Shortly before the release of his debut issue on Batman last summer, Tom King awoke in the emergency room. The former CIA officer and comic writer behind such modern classics as The Sheriff of Babylon, The Vision and The Omega Men anticipated a heart attack that would send him to an early grave. Fortunately, the diagnosis revealed a severe panic attack. Though King didn’t pass into the great beyond, he returned to a reality that didn’t quite feel the same. “I’d flirted with the edge of death and came back from it, and I woke up and the whole world seemed different. I don’t mean this in a political way, but the world as it is today—what’s happening every single day—doesn’t seem to make any sense. And that can be as simple as the Super Bowl didn’t make sense. Or it can be as crazy as people are breaking laws in our country that shouldn’t ever be broken,” King explains on the phone.
His illustrating partner on Sheriff, Mitch Gerads, chimes in: “The Cubs won the World Series.”
The pair is discussing their upcoming series, Mister Miracle, about a cosmic Jesus Christ analogue who’s also an escape artist, and how in this moment, it’s very, very hard not to feel trapped in a never-ending loop of the bizarre, anxious and absurd. But if their previous collaboration is any indication, the project won’t offer any escapism. King and Gerads excel at creating incredibly likable characters who attempt to untangle doomed causes—a legacy perfect for this new book.
Mister Miracle was created by comic trailblazer Jack Kirby in the early ‘70s after his fallout with Marvel over creator rights. The yellow, red and green superhero fronted a line of comics loosely identified as The Fourth World, a kaleidoscope-colored remix of the Bible with Wagnerian battles and sci-fi bombast. In the mythos, Miracle (born Scott Free) was imprisoned on an industrial hellscape planet called Apokolips before escaping to his family on the paradise of New Genesis. King describes the saga—which ran through comics including the New Gods and The Forever People—like “dipping your head into madness.”
And though Mister Miracle could escape any terror orphanage, death trap or elaborate constraint, Free perpetually felt trapped in his childhood nightmare. The character fits perfectly in King’s oeuvre of tragic irony, including the tortured space radicals of The Omega Men and the imploding dreams of The Vision—all portraits of gods with destructive vulnerabilities. It’s also a new, bright canvas for Gerads, whose work has mostly addressed military and street-level intrigue, further adding empathy to the almighty. The artist channels an intoxicating array of visuals for the project, mimicking distortion lines on antique tube TVs and tactile watercolor backdrops.
Lettered with dire detail by Clayton Cowles and edited by Jamie Rich, the first chapter of this 12-issue series launches in August. (Spoiler Alert: it’s excellent.) Publisher DC offered Paste a first look at the comic as well as chance to discuss this ambitious new series with King and Gerads.
Paste: The first time I heard about this project, I thought, you guys are going to humanize the divine. Kirby specialized in these grand, spectacular space operas that don’t have the subtlety or vulnerability I associate with The Sheriff of Babylon. Is that the challenge, to unite the cosmic with the intimate?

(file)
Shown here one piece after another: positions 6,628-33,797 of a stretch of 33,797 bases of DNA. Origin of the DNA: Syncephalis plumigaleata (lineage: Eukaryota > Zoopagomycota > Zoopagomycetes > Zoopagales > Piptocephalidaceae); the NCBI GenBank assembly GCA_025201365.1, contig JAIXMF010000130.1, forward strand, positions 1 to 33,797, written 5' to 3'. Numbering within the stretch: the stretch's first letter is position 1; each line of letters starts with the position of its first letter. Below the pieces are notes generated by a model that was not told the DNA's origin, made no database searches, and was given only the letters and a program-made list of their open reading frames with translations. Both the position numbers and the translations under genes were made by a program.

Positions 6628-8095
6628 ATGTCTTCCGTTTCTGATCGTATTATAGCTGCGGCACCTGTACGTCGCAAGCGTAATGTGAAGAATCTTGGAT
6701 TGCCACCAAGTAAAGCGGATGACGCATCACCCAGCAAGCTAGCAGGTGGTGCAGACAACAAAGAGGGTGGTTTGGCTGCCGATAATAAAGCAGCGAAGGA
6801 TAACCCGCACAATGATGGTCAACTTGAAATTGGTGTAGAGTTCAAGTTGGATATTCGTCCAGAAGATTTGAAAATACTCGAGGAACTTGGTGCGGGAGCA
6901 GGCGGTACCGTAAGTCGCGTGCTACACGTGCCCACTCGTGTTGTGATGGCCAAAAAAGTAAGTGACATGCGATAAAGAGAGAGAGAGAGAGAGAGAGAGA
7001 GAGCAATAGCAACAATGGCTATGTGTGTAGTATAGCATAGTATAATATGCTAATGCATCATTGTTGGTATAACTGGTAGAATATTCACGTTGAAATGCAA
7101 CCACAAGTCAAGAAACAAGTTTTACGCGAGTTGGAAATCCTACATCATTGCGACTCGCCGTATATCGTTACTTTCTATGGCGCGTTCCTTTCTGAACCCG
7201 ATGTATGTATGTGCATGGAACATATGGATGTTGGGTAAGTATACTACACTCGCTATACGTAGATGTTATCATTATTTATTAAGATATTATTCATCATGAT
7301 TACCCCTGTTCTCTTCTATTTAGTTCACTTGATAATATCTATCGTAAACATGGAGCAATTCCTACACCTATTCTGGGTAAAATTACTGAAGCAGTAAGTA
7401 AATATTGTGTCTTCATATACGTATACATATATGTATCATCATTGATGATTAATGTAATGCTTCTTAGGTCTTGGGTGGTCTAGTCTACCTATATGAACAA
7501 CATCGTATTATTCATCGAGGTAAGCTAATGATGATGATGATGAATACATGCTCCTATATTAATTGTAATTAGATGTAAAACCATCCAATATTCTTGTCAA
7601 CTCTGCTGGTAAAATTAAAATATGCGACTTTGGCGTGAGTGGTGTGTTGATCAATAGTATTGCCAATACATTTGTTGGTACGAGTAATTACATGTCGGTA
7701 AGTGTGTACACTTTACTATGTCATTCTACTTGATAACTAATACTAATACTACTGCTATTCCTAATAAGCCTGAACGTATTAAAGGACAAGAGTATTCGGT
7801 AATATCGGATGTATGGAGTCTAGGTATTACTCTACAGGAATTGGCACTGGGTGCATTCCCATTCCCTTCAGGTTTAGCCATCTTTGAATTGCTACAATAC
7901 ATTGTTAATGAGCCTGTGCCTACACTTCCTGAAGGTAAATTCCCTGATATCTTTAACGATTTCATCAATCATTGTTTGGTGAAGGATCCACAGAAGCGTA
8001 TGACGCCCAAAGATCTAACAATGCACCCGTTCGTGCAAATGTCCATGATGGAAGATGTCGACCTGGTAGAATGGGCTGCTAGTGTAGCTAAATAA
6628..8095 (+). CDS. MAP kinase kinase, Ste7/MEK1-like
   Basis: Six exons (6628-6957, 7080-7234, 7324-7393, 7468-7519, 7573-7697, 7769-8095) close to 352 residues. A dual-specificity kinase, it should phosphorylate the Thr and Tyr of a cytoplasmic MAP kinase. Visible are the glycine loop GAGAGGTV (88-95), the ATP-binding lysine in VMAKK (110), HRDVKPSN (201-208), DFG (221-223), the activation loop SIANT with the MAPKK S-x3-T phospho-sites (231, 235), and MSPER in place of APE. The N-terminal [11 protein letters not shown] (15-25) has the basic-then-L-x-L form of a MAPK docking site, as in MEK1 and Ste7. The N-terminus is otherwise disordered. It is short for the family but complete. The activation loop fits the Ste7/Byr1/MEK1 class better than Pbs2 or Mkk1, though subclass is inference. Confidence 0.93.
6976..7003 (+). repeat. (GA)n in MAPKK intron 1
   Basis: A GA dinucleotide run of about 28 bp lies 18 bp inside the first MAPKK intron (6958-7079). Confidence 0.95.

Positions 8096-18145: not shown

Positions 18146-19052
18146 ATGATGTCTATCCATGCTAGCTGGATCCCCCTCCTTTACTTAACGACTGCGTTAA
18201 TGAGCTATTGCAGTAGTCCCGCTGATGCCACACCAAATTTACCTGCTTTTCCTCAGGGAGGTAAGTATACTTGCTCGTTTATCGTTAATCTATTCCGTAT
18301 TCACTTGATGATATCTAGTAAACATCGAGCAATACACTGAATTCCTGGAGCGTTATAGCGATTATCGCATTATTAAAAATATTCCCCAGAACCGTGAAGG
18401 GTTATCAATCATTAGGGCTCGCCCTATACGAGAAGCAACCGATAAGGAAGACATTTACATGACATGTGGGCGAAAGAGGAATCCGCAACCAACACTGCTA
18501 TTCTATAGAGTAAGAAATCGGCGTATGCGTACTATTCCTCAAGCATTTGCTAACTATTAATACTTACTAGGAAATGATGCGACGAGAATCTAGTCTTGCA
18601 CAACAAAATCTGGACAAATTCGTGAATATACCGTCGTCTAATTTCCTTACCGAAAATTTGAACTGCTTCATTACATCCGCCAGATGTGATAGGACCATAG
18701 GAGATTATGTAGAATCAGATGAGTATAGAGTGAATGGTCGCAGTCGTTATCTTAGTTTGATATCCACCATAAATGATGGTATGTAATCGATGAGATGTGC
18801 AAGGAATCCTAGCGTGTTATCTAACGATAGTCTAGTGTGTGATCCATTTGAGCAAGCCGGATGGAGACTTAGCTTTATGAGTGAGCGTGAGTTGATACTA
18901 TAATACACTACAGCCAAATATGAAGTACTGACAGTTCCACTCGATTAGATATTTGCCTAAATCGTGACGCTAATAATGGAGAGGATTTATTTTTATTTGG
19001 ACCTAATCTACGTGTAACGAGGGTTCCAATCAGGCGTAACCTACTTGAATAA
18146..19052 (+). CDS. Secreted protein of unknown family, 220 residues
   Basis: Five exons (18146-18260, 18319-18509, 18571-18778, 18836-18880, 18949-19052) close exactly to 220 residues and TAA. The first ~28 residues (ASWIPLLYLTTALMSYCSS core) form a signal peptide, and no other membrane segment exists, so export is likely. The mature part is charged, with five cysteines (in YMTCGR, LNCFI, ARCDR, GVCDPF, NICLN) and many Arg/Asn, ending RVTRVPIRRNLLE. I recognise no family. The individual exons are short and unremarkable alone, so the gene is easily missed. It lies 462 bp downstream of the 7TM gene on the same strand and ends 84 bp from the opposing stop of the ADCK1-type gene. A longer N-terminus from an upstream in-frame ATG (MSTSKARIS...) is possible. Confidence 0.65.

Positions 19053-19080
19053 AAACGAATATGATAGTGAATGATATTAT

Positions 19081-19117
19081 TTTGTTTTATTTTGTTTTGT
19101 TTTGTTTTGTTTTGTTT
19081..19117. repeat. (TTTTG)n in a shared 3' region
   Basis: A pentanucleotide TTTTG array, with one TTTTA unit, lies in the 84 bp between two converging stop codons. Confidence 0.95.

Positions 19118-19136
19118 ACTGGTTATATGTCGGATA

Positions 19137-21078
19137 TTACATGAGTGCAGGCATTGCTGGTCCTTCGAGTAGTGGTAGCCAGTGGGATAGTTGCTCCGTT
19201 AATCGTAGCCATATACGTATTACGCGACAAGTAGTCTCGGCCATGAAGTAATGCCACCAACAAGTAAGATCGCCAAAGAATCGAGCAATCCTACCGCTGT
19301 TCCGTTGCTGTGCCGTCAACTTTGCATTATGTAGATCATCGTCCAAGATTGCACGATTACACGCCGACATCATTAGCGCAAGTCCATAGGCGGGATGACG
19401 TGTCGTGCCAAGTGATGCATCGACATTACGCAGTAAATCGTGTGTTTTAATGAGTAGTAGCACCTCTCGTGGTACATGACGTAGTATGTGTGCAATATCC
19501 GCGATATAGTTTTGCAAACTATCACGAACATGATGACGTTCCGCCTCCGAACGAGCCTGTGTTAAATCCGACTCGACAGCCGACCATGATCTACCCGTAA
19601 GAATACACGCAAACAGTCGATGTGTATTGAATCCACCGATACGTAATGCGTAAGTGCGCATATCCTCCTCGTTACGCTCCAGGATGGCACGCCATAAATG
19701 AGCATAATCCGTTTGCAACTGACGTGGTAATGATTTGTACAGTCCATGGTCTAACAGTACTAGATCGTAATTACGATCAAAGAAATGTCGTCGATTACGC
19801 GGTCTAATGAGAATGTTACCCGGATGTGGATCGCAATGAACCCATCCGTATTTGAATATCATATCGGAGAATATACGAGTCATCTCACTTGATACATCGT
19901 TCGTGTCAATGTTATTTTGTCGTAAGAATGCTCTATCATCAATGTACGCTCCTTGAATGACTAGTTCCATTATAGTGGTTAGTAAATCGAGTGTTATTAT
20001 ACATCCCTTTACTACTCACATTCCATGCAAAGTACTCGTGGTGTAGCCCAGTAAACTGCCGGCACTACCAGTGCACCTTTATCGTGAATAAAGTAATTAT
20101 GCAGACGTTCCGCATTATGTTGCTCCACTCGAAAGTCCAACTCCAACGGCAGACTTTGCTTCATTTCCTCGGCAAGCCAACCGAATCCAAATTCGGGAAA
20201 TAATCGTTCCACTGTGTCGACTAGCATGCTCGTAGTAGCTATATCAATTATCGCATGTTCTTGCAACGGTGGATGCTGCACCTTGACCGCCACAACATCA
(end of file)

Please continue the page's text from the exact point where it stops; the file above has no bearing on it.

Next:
Tom King: I don’t think that’s the challenge, I think that’s the theme. In going back and reading all of Kirby, you’re dipping your head in genius. No one can out-Kirby Kirby. You can’t make an epic as great as he did. It’s like trying to make Star Wars again, or like trying to rewrite the Iliad. You can take those grand cosmic space opera themes and internalize them and use them to tell a very personal story. That’s what appealed to me about it. We were going to take the bigness of Kirby and turn that into the intimacy of Mister Miracle’s life. Kirby used a metaphor for his time, written in the late ‘60s early ‘70s when the world was going utterly insane. We’re going to use it as a metaphor for our time, the late 2010s, when once again the world is going insane. It’s almost like we’re holding up a mirror to that work, or internalizing it. We’re going step-in-step with him.
Mister Miracle #1 Cover by Nick Derington
Paste: Tom, your Best Intentions trilogy of The Sheriff of Babylon, The Omega Men and The Vision personally referenced your experience resolving conflict in the middle east as a CIA agent. Do you feel a kinship with Kirby, whose time in World War II served a similar purpose inspiring his comics?
King: It’s hard to ever compare yourself to the generation that fought Hitler and saved the world. I do feel a kinship with and draw inspiration from artists who did go through that experience, and came out to the other side with their eyes a little too open to the world. Kirby served, and I served in my way, but that guy was in gunfire and I was just trying to get terrorists to spy on each other. Both of us want to punch Nazis in the face, so we have that.
Paste: Mitch, there’s so much going on in Mister Miracle #1. I’m seeing Ben-Day dots, selective blurring, watercolor textures, tube TV distortion. It’s heavily atmospheric. How is this challenging you as an artist? What are your main goals?
Mitch Gerads: The book has been a crazy experience. It’s very challenging and it’s also exactly the opposite of that. Because of the theme of how Tom and I are approaching the story, it allows me to play with reality. When I do my art, I tend to be very inspired by what I’m consuming at that time, and I remember doing issue one of Mister Miracle and being very inspired by ‘60s magazine illustrators: Austin Briggs, Al Parker. I think a lot of that came through, but one of the nice things is, because of the nature of the book, as we go forward I can still be influenced by what I’m consuming at that time and just evolve with it. I get to use the reality-bending nature of the book as an excuse to do that.
Mister Miracle #1 Interior Art by Mitch Gerads
Paste: Mister Miracle seems more cinematic and visual than your previous collaboration.
Sheriff is completely grounded in reality. For all intents and purposes, it definitely could have happened. Mister Miracle is super fun because I get to play with fantasy, but at the same time, I think I play with fantasy differently than most comic book artists. I still play with it in the real world. One of the fun things for me is taking all of these Kirby designs and taking the crazy world of New Genesis and the crazy world of Apokolips and boiling it down to more Game of Thrones. All that stuff is still there and the motifs can still be there. But I’m bringing it down to a base level that everyone can understand, and feels a bit more tactile and real.
Paste: Why do you think Kirby’s neo-Christian mythos is still relevant today?